Metals Concentrations in Blood and Urine Measured Using a New Nano Metals Oxide Electrode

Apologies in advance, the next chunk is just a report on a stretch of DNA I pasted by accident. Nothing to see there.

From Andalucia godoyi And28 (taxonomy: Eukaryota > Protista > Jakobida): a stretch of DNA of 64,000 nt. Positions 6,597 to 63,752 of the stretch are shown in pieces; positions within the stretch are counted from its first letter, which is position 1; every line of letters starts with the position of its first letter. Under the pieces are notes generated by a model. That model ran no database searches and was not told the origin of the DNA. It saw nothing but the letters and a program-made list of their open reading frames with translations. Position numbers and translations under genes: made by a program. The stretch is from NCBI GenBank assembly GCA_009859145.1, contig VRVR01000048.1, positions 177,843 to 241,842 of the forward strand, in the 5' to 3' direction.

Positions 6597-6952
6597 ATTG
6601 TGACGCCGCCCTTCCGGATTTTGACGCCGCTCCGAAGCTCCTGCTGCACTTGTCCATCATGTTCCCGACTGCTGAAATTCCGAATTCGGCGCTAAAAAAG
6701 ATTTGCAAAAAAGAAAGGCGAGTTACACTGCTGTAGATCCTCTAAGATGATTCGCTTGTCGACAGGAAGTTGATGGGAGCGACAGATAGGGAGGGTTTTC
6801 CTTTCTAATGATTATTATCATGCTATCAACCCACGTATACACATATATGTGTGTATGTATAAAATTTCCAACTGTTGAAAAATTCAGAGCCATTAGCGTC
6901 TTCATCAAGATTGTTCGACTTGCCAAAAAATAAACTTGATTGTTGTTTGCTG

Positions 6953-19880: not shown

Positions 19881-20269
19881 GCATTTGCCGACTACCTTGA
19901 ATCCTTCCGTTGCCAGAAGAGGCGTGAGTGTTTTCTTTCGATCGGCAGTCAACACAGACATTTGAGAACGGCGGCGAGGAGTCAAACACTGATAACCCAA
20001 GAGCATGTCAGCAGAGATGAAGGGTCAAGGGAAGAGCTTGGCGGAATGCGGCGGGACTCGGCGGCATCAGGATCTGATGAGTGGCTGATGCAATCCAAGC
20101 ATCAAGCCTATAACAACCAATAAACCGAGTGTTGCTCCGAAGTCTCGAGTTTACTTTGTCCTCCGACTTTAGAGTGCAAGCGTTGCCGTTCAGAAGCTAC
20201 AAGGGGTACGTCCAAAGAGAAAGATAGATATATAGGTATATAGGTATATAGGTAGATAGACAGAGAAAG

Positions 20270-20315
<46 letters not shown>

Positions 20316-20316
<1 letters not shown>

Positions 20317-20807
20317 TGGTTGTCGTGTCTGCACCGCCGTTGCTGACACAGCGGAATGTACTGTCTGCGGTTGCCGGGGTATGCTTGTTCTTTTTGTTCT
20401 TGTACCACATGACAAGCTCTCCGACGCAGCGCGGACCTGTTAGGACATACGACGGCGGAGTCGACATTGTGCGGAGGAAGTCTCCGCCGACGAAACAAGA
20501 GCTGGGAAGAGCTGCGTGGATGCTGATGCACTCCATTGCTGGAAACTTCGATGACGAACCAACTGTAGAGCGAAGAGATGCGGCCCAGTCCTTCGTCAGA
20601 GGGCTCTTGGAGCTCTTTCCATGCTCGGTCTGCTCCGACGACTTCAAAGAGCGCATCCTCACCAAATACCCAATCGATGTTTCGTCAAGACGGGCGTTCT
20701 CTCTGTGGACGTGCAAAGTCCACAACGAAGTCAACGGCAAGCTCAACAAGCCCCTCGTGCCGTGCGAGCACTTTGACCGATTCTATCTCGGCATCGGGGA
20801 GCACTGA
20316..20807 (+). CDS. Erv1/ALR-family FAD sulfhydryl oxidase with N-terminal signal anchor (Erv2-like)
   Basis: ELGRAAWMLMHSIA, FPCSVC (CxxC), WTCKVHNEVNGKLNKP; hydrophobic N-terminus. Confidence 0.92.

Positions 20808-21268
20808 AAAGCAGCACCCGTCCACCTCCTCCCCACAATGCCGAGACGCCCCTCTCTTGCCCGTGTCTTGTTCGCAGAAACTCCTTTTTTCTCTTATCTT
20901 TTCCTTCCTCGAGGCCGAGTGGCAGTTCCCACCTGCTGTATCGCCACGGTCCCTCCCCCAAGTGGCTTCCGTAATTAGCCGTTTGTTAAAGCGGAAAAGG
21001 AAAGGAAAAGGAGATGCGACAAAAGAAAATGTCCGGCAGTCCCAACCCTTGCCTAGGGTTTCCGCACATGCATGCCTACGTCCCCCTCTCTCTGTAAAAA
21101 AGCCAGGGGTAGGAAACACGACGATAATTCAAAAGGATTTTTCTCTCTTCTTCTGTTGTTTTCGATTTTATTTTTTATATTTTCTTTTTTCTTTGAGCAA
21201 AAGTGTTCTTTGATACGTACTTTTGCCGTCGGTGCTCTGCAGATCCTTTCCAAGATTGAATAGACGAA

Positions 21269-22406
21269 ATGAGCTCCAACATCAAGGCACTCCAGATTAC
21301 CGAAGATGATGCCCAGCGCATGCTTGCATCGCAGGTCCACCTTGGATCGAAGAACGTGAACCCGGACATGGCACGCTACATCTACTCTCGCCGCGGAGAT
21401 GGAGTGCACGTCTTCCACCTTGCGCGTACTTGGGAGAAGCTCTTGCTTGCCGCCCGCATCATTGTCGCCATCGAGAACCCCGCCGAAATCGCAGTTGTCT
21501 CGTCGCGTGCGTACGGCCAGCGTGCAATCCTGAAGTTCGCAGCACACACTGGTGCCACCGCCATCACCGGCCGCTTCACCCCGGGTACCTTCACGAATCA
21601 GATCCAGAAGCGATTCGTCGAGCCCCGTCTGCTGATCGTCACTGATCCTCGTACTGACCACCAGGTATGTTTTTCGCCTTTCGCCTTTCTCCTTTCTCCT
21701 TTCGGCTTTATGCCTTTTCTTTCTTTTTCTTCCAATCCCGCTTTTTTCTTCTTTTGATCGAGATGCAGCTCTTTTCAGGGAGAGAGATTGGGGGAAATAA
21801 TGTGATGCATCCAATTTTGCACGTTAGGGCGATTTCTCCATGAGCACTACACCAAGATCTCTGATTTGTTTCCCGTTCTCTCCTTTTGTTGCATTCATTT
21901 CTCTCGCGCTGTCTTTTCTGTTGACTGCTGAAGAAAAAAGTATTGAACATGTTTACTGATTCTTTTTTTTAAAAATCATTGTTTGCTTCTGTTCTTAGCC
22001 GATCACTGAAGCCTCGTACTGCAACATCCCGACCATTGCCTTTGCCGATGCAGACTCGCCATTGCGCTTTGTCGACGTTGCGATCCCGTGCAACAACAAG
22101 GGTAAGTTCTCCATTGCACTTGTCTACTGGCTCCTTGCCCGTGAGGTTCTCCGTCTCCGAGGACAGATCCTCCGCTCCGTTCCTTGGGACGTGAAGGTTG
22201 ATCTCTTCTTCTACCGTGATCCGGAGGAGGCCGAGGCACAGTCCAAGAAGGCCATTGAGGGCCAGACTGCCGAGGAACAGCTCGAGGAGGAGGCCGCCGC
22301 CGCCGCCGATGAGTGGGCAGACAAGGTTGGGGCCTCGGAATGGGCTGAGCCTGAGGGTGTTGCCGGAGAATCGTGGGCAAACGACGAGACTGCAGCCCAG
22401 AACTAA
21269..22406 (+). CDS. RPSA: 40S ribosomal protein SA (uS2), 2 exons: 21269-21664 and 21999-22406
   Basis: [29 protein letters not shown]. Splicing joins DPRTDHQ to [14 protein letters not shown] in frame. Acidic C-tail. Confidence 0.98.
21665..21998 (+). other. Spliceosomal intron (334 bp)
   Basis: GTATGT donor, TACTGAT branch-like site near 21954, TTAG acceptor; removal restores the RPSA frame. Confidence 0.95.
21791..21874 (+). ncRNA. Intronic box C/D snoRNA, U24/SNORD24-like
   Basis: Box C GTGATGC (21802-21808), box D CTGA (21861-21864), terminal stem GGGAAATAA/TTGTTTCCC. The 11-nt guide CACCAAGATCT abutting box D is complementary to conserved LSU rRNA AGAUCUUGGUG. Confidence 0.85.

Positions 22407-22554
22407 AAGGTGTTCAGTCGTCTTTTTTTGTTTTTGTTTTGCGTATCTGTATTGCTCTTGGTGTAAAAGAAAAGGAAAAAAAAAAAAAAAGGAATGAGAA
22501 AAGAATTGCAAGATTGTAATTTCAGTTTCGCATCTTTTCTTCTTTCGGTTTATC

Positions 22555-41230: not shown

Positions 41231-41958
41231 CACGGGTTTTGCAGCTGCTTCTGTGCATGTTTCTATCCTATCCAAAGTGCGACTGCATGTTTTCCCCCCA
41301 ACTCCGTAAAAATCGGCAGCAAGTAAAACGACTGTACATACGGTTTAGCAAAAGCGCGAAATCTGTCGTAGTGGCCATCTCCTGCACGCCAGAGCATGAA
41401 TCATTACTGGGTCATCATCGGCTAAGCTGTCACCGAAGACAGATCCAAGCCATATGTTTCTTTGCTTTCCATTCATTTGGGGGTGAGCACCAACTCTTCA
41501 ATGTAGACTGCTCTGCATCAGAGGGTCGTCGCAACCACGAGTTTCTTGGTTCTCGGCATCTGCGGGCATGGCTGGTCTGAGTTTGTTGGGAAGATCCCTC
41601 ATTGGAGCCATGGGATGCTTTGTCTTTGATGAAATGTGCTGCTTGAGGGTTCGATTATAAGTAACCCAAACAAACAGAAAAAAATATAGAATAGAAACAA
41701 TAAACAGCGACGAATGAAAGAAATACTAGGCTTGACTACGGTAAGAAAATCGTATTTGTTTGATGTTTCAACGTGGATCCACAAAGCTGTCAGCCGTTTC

One of the most appealing features of ion-selective electrodes (ISE) is their ease of use, an electrical method used to measure common elements such as sodium, potassium, and chlorine in the autoanalyzer and its development for the measurement of heavy elements such as zinc and copper through the manufacture of highly selective and sensitive electrodes. A new metals oxide carbon paste electrode (MCPE) with good ion-capturing to detect the level of heavy elements in serum and solutions was created by synthesizing the of (Zn,Cu)-O nanoparticles using a hydrothermal method. For optimal circumstances, the physical and chemical characteristics of the electrode were investigated. The cyclic voltammetry redox wave was used to record a signal. By cyclic voltammograms, a large signal for oxidation-reduction occurs with a reversible mechanism due to one electron transmission for ionization of zinc and a quasi-reversible peak for the Cu metal. Thermodynamic and kinetic aspects have also been investigated such as ∆E, ∆H, ∆G, ∆S equal to -4.32, -32.19, 33.40, 0.031 respectively. The results demonstrate that the novel electrode can discriminate between peaks produced by redox processes of two elements at a similar time, having two different oxidation peaks and two separate redaction peaks. The electrical conductivity qualities of zinc and copper allowed us to build and extend electrical cells and measure five elements simultaneously using an electrical technique.